People have a hard time letting go of their suffering. Out of a fear of the unknown, they prefer suffering that is familiar. ~ Thích Nhất Hạnh, Buddhist monk, teacher, author and poet now based in France.
A buddy of mine (thanks, Don) posted this quotation as his status on Facebook yesterday, and I have to say that I love it. There have been times that I chose to hold on to my own suffering because I found comfort in the familiar, even when the familiar created excruciating pain for me.
This last Easter, I broke a nearly 20 year cycle of suffering. Many years ago when I served as a crisis counselor, I made a judgment that returned two three-year old twins to home for an overnight visit with their father for the Easter holiday. The father got drunk that night, so drunk that he didn’t provide adequate supervision. One of his children fell out of an upstairs window to his death.
I blamed myself. For nearly 20 years, I held on to the believe that I had caused the death of that small boy. And like clockwork, I would slip into a dark place of grief each year as Easter approached.
My actions came out of habit. I used the anniversary of that child’s death as a time to bring into my recall all of the parents who harmed the kids I tried to save. And I drove myself crazy.
This last year, I finally confronted it and saw it for what it was: a macabre celebration of suffering.
Be honest: do you hold on to anger or grief or another form of suffering because you’ve made holding on to your suffering a habit?
Another friend (thanks, Chris) shared this timely quote:
If you find your here and now intolerable and it makes you unhappy, you have three options: remove yourself from the situation, change it, or accept it totally. ~ Eckhart Tolle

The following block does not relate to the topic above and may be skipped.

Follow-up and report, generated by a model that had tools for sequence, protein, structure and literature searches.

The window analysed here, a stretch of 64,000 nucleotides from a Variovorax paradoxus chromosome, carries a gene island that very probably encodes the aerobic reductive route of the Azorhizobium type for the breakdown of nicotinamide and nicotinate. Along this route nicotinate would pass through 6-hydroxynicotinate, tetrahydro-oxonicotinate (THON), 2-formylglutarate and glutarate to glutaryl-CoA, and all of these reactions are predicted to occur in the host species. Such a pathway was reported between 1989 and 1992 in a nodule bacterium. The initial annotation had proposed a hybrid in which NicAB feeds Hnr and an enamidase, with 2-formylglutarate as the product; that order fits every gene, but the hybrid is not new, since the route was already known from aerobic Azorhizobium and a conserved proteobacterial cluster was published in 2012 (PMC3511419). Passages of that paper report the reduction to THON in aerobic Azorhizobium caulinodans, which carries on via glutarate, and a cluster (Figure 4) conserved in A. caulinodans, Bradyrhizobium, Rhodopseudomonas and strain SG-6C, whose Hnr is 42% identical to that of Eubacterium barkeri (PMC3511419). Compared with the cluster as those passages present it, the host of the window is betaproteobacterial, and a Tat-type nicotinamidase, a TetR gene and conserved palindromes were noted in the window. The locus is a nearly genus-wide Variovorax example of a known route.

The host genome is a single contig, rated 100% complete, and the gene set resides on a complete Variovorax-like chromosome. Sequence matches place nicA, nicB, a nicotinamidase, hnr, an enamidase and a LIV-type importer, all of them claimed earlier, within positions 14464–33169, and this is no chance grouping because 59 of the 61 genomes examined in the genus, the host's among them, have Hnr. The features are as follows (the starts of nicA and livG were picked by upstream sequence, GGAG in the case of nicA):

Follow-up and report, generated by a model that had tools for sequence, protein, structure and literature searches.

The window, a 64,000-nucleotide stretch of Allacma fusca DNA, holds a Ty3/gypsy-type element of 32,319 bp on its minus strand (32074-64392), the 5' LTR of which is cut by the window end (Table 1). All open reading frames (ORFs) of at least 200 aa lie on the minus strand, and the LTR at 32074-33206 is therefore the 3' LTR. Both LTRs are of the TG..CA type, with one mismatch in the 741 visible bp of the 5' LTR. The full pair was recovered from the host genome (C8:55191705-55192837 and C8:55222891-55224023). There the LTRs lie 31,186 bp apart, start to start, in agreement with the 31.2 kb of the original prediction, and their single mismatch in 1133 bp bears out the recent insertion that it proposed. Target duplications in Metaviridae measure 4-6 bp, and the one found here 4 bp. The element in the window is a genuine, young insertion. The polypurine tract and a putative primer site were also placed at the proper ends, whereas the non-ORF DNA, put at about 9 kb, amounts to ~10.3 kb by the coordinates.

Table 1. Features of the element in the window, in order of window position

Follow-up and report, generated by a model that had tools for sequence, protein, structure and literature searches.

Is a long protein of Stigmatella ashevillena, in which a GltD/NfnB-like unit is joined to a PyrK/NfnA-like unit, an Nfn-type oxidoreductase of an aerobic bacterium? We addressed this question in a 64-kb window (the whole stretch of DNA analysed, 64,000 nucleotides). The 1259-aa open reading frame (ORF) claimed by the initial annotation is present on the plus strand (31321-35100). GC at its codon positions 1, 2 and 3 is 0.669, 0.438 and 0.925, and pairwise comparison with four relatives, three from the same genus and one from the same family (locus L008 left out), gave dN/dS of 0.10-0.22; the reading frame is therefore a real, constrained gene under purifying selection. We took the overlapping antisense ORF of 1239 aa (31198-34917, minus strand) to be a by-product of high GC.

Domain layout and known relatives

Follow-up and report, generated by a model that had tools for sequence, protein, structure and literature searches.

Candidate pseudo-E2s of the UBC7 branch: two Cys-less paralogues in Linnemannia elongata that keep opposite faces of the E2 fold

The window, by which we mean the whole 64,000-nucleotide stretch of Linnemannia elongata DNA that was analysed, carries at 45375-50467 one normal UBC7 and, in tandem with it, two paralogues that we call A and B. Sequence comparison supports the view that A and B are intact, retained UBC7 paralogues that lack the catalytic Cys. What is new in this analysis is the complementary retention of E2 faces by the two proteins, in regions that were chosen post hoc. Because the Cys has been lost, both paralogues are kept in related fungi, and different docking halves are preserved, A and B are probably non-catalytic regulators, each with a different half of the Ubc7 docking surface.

If you find yourself suffering, you aren’t powerless. Get away from it, convert it into something less destructive, or embrace it. You can break the cycle if you are willing.
So how about it? Got something you’re ready to let go of today?
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What do you mean embrace it? Example please.
Let me answer that two ways. First, sometimes we do things that we dislike in order to serve another. In the Bible, Paul wrote to Timothy that we are called to
“Suffer hardship with me, as a good soldier of Christ Jesus.” Outside of people doing things for spiritual reasons, think about what parents do all of the time: sacrifice for their children. My dad ate a very inexpensive lunch each day and wore worn clothes to work while my mom worked long hours to send me to a good school. Some might call those sacrifices “suffering”; most of the time, parents see those actions as investments. If you view your gifts as suffering, you will suffer. Embracing “suffering” means keeping the spirit right.
Second, sometimes we do things we dislike because they are good for us. Who likes eating right and exercising? I don’t. But once I’ve done it regularly long enough, I feel great. When I quite smoking, I didn’t do it because I was looking forward to becoming evil incarnate and losing my “best friend.” I did it because I wanted to set a good example for my children (see point 1) AND I wanted to improve my overall health (see point 2).